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A new consortium in Vermont aims to capitalize on the state’s compact size and collaborative culture to make it a national role model for clean energy innovation.
The Vermont Clean and Resilient Energy Consortium will pursue federal grants to fund any number of projects related to clean energy delivery, renewable energy, decarbonization and energy resiliency.
“We’re sort of an interesting laboratory for some of this because of our small size,” said Julia S. Moore, secretary of the Vermont Agency of Natural Resources, which is a member of the consortium. “We have the opportunity to build these networks that I think would be challenging in larger jurisdictions.”
Kirk Dombrowski, the University of Vermont’s vice president for research, said the consortium came together after he began “cold calling” the heads of utility and energy companies, state agency heads, and energy-related nonprofits.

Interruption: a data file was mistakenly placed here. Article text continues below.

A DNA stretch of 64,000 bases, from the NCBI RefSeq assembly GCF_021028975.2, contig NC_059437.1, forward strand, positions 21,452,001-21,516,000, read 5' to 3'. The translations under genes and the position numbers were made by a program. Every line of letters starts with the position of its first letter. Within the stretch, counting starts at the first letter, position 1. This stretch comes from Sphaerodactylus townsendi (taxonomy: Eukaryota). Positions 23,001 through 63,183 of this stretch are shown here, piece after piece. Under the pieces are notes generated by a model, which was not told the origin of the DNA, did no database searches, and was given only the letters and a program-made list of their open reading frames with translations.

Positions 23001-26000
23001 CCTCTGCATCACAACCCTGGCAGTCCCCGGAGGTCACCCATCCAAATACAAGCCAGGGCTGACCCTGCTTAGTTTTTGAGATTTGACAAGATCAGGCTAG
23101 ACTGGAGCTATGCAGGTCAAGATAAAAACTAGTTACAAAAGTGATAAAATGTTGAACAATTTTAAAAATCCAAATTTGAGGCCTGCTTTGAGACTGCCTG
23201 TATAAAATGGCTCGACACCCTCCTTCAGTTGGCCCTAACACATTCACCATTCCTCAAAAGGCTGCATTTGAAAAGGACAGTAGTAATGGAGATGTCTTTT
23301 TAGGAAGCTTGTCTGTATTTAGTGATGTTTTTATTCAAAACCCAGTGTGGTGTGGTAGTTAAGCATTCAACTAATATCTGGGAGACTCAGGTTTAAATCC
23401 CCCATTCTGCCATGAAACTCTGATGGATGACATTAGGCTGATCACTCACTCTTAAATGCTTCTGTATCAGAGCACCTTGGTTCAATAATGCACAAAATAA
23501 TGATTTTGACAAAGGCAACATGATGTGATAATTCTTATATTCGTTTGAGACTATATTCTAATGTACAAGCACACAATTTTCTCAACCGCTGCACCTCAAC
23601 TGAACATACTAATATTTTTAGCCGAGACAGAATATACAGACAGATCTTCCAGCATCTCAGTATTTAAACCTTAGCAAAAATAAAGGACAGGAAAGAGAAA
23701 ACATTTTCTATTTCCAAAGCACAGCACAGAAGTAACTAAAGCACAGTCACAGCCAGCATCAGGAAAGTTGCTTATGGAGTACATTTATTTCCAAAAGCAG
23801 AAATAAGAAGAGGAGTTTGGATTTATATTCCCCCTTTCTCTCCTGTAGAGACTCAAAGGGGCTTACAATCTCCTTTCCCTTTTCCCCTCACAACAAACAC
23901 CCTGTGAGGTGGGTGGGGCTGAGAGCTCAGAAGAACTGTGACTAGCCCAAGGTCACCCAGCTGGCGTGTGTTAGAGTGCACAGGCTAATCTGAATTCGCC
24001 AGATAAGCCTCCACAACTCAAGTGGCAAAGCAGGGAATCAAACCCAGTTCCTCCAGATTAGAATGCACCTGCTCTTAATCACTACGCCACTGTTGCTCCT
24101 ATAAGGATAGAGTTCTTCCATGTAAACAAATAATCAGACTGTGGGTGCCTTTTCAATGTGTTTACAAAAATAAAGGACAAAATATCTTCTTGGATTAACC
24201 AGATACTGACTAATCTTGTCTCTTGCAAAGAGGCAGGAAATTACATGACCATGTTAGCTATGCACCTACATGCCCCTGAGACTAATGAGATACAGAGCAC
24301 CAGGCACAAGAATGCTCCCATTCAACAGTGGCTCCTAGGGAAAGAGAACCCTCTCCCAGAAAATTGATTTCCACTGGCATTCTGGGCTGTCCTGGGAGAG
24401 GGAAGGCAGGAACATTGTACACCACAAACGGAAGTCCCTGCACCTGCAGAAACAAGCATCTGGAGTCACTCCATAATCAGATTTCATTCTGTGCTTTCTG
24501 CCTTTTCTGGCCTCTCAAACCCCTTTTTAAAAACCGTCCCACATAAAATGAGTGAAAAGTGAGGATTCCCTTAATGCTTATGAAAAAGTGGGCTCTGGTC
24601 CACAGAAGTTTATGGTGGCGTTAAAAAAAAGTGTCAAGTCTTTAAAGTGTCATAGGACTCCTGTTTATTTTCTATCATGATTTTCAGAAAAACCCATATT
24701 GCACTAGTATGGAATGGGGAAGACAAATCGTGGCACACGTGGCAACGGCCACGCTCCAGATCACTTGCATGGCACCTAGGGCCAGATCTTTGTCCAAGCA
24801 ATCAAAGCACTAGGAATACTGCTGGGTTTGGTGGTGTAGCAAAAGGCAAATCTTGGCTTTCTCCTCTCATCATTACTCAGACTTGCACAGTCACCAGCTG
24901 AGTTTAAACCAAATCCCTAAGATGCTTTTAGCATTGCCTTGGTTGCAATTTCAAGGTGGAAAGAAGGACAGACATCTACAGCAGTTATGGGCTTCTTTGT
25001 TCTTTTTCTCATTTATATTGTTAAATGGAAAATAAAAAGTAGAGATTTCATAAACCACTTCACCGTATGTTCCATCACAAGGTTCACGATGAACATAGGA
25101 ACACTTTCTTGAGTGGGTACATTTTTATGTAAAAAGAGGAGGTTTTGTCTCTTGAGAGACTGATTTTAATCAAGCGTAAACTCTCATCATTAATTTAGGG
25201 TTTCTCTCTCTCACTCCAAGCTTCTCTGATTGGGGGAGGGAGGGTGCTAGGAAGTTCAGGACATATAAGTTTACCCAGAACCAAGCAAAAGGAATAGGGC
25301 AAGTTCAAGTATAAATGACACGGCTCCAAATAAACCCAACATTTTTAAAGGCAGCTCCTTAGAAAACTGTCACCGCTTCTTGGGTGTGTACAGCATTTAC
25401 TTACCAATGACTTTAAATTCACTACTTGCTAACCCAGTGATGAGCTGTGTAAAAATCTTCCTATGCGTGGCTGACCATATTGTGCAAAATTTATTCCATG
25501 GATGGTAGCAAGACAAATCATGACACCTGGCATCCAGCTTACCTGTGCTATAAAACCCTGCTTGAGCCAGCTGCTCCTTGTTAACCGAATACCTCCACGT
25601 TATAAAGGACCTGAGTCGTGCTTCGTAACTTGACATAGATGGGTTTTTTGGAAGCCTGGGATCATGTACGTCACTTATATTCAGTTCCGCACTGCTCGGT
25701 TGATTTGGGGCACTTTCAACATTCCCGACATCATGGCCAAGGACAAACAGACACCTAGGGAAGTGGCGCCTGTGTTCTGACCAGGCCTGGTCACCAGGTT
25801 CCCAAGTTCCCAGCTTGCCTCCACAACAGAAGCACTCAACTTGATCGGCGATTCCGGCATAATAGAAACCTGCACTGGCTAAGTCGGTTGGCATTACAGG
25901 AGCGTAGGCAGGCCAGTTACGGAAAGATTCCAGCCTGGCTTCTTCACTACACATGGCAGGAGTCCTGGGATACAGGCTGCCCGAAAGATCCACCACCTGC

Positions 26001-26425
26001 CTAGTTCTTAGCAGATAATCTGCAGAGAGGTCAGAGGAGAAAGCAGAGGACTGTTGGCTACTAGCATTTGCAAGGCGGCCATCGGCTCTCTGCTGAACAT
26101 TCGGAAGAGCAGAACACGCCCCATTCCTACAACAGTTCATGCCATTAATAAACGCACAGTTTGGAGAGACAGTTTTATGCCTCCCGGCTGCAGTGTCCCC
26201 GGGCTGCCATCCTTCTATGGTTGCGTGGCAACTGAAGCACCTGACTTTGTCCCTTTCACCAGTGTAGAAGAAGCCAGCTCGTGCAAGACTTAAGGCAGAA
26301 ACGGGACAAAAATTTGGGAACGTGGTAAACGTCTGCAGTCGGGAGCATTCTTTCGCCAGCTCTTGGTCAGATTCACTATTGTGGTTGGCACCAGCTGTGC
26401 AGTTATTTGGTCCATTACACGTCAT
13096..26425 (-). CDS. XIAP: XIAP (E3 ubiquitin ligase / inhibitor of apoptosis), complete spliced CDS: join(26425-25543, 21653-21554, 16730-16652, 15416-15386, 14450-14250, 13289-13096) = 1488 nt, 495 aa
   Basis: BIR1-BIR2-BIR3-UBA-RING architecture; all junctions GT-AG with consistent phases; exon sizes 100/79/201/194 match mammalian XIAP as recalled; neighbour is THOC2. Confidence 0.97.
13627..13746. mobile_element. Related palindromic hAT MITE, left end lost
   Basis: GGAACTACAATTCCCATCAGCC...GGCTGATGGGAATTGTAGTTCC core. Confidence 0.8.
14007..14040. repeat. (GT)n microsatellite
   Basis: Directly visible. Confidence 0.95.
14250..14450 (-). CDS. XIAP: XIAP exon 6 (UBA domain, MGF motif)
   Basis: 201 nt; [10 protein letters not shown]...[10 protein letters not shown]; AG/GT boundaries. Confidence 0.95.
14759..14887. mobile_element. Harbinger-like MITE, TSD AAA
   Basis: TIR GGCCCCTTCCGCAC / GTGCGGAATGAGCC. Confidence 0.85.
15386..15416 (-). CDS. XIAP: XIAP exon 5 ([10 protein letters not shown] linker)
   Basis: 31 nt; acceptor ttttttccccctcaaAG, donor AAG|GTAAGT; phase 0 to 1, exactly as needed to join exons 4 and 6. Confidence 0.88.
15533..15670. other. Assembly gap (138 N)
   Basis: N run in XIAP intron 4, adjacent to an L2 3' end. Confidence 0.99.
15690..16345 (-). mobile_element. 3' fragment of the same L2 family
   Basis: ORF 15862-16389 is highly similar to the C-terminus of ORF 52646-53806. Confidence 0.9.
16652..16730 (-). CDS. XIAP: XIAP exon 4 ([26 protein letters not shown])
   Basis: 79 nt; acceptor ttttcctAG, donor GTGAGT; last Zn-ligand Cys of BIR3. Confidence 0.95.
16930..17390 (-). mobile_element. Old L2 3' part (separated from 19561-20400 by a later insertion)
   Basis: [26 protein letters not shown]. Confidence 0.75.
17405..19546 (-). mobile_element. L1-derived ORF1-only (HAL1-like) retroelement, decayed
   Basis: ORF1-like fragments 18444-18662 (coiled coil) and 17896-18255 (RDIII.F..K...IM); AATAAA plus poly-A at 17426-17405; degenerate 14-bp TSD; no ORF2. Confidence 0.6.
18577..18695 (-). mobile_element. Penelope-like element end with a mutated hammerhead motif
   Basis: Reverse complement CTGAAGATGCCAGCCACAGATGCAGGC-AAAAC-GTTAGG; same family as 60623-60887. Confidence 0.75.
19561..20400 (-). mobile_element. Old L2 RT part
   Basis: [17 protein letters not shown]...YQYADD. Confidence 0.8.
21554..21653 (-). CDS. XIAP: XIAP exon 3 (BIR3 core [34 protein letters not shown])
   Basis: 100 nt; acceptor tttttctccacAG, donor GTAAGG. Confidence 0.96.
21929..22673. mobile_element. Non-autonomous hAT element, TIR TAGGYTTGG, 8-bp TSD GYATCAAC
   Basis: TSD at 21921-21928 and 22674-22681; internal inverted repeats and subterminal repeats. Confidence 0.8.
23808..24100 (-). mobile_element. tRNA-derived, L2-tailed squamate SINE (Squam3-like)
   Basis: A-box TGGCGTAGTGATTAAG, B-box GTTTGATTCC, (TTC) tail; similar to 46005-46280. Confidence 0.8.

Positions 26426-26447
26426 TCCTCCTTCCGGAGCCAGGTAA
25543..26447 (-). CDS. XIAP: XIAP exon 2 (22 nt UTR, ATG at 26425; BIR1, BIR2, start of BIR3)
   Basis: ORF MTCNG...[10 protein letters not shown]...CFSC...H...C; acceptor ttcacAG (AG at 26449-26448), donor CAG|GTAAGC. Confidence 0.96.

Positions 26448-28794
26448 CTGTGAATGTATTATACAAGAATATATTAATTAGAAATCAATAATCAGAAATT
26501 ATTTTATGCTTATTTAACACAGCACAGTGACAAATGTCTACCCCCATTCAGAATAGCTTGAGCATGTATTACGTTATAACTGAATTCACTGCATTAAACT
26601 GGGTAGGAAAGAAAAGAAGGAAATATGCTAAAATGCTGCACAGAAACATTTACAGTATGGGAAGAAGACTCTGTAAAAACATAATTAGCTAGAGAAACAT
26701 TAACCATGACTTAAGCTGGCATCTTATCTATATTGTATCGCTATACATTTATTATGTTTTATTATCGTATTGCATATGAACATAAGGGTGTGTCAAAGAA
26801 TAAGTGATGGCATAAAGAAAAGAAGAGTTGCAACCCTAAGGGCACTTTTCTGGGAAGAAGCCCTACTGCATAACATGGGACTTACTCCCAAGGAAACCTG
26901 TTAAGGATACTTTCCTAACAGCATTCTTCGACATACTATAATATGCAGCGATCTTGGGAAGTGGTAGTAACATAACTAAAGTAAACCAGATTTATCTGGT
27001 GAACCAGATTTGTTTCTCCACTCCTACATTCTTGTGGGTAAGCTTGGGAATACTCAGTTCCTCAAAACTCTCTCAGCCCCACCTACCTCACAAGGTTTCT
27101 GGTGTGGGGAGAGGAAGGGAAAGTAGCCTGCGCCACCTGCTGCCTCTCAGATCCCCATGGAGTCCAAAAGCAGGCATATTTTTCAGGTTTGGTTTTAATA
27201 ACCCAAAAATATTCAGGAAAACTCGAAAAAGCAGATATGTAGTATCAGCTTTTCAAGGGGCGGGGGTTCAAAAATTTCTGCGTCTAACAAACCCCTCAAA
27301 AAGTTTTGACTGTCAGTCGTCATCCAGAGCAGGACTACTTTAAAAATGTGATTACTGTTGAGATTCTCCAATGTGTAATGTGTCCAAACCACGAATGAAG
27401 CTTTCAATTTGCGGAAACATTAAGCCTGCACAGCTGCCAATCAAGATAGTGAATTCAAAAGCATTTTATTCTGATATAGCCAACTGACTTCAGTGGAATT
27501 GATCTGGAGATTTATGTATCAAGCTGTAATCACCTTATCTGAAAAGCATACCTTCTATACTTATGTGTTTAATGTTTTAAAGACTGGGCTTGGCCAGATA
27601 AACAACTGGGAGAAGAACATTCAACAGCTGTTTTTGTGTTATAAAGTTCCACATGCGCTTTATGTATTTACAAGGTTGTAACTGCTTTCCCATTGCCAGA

“I have a new grant-writing shop here at the university, and we work with a consulting and lobbying firm in D.C. that can give us lots of good intelligence about research opportunities and programming coming out of federal agencies,” Dombrowski said. “So I put this value proposition in front of them — we have a lot more infrastructure than we did in the past to handle some of these partnerships.”
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The consortium is run by a steering committee made up of one person from each of the roughly 20 member organizations. Members who want to get in on a project have to pick up some of the cost, Dombrowski said.
“If the DOE says, here’s an opportunity around, say, energy sheds, we will take it to the consort …